Don’t Make These 15 Uber Mistakes

NEWS & TRENDING - TRAVEL NEWS
These common pitfalls can make your ride more expensive or even get you kicked off Uber.
Updated May 15, 2024
Fact checked
Woman with smart phone in car

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Uber's on-demand convenience and budget-friendly fares have become a go-to for many. But hailing the perfect ride isn't always smooth sailing. 

Before you hop in, steer clear of these 15 common rider mistakes to keep more money in your wallet and ensure a seamless Uber experience.

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Choosing the wrong service

Kaspars Grinvalds/Adobe Ride sharing app on mobile phone

Uber offers passengers several different services. For a sleek ride in a luxury vehicle, opt for UberBLACK. If you need a van that can hold a large group of travelers, you’ll want an UberXL.

A standard ride is UberX, which is Uber’s “everyday ride at an everyday price.”

Being slapped with a cancellation fee

Prostock-studio/Adobe frustrated woman using smartphone

This happens when you order a ride and cancel it after the driver has reached or headed toward your location. Fees vary, but you could get dinged $5 or more.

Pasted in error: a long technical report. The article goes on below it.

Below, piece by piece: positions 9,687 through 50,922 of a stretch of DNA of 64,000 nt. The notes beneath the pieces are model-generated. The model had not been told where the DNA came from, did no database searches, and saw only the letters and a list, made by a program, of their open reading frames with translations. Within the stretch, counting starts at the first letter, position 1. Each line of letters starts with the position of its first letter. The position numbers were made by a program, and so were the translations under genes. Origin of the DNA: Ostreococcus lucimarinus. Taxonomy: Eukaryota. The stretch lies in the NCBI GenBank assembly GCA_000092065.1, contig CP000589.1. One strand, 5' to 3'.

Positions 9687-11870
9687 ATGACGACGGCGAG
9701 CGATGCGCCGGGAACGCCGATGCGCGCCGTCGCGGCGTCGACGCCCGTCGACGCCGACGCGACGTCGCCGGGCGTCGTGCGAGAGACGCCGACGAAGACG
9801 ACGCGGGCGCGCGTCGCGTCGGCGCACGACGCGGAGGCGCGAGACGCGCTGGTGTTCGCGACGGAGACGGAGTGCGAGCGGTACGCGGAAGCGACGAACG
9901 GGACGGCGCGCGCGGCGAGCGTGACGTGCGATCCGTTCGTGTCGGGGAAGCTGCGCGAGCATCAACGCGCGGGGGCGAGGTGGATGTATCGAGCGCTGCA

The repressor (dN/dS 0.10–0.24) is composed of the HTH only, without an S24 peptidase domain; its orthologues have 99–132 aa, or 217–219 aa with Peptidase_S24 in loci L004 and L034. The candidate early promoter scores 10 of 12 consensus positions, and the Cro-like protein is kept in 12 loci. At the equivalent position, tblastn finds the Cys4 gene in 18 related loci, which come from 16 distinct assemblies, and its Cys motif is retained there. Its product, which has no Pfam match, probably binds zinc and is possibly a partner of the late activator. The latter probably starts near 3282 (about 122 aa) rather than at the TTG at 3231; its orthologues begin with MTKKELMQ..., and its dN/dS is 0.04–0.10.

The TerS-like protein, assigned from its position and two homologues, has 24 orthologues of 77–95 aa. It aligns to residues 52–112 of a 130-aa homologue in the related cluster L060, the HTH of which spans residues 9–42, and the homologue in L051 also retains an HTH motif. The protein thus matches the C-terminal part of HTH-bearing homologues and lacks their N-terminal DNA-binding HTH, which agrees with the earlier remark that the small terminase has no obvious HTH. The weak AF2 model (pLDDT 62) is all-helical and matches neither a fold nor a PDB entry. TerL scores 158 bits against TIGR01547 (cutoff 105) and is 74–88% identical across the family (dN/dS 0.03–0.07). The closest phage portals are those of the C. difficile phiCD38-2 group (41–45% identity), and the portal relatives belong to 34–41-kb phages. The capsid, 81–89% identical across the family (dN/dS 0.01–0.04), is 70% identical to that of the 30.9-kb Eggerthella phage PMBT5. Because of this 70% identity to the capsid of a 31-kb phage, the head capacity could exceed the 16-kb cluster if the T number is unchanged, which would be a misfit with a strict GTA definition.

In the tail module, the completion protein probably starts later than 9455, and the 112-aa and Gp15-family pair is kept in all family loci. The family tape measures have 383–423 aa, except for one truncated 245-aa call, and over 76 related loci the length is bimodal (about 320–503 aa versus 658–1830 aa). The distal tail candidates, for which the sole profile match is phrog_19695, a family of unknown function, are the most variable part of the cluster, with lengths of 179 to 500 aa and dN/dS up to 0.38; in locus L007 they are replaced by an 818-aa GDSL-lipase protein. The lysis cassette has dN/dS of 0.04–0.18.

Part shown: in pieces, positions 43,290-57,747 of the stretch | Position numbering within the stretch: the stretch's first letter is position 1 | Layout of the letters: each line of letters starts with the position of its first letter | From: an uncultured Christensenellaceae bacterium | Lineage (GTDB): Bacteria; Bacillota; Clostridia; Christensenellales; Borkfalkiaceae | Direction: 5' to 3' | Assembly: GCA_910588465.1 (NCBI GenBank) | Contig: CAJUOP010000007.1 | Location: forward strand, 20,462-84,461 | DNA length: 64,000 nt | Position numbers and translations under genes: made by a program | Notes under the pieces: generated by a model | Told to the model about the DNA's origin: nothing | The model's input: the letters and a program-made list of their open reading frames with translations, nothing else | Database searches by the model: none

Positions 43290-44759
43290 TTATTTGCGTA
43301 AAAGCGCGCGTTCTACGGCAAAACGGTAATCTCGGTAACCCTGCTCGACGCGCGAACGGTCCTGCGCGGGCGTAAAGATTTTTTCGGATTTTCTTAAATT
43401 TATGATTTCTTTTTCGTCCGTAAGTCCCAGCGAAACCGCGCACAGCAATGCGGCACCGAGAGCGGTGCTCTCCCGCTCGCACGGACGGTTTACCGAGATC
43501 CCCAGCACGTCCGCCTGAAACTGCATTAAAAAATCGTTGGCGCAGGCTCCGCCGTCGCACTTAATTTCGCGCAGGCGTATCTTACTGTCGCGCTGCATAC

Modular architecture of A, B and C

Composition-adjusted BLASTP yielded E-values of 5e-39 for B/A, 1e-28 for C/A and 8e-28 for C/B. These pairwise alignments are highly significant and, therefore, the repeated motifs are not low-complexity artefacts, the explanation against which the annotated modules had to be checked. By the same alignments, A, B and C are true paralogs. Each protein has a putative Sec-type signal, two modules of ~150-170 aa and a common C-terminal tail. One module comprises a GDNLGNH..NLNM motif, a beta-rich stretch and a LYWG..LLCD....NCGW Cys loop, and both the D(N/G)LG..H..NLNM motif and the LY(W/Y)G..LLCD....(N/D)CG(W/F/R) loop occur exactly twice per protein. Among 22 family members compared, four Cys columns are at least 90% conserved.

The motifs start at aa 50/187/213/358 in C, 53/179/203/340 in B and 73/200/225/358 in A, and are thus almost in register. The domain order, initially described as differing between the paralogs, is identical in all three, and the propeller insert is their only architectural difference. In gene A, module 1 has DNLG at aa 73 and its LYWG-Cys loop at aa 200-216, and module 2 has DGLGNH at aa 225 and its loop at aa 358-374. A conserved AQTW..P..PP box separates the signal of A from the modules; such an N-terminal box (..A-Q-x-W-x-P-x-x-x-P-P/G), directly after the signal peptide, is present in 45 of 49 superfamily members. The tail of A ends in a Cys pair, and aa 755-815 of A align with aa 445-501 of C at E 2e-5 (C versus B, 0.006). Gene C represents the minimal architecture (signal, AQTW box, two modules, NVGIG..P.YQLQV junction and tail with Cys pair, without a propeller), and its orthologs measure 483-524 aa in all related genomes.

Paying surge prices

kucherav/Adobe surprised african american man using smartphone

Always try to avoid surge pricing. During high-demand periods, you could pay more than twice the usual rate. There are even cases of riders paying $500 for a $75 ride during surges.

Plan on arriving early. You can just hang out in a coffee shop and wait.

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Assuming Uber will be there

dul_ny/Adobe asian woman holding smartphone on street

Uber has a huge coverage area, but it’s not everywhere. Some cities don’t have it. Plus, many rural areas just aren’t large enough to sustain demand.

Before traveling, check the available transportation options.

Avoiding UberPOOL

BalanceFormCreative/Adobe female friends travelling together in car

UberPOOL is even cheaper than UberX. The service matches you with up to four co-riders going in the same direction. Each person in the pool saves a little money.

For a trip that’s only a few miles, the savings may only be a couple of bucks. But if you’re going a longer distance, the savings can add up.

Assuming your driver knows where to go

Rostislav Sedlacek/Adobe Driver using smartphone GPS while driving

Many passengers zone out during their Uber ride and just scroll through their phone, figuring the driver has GPS and knows exactly where to go.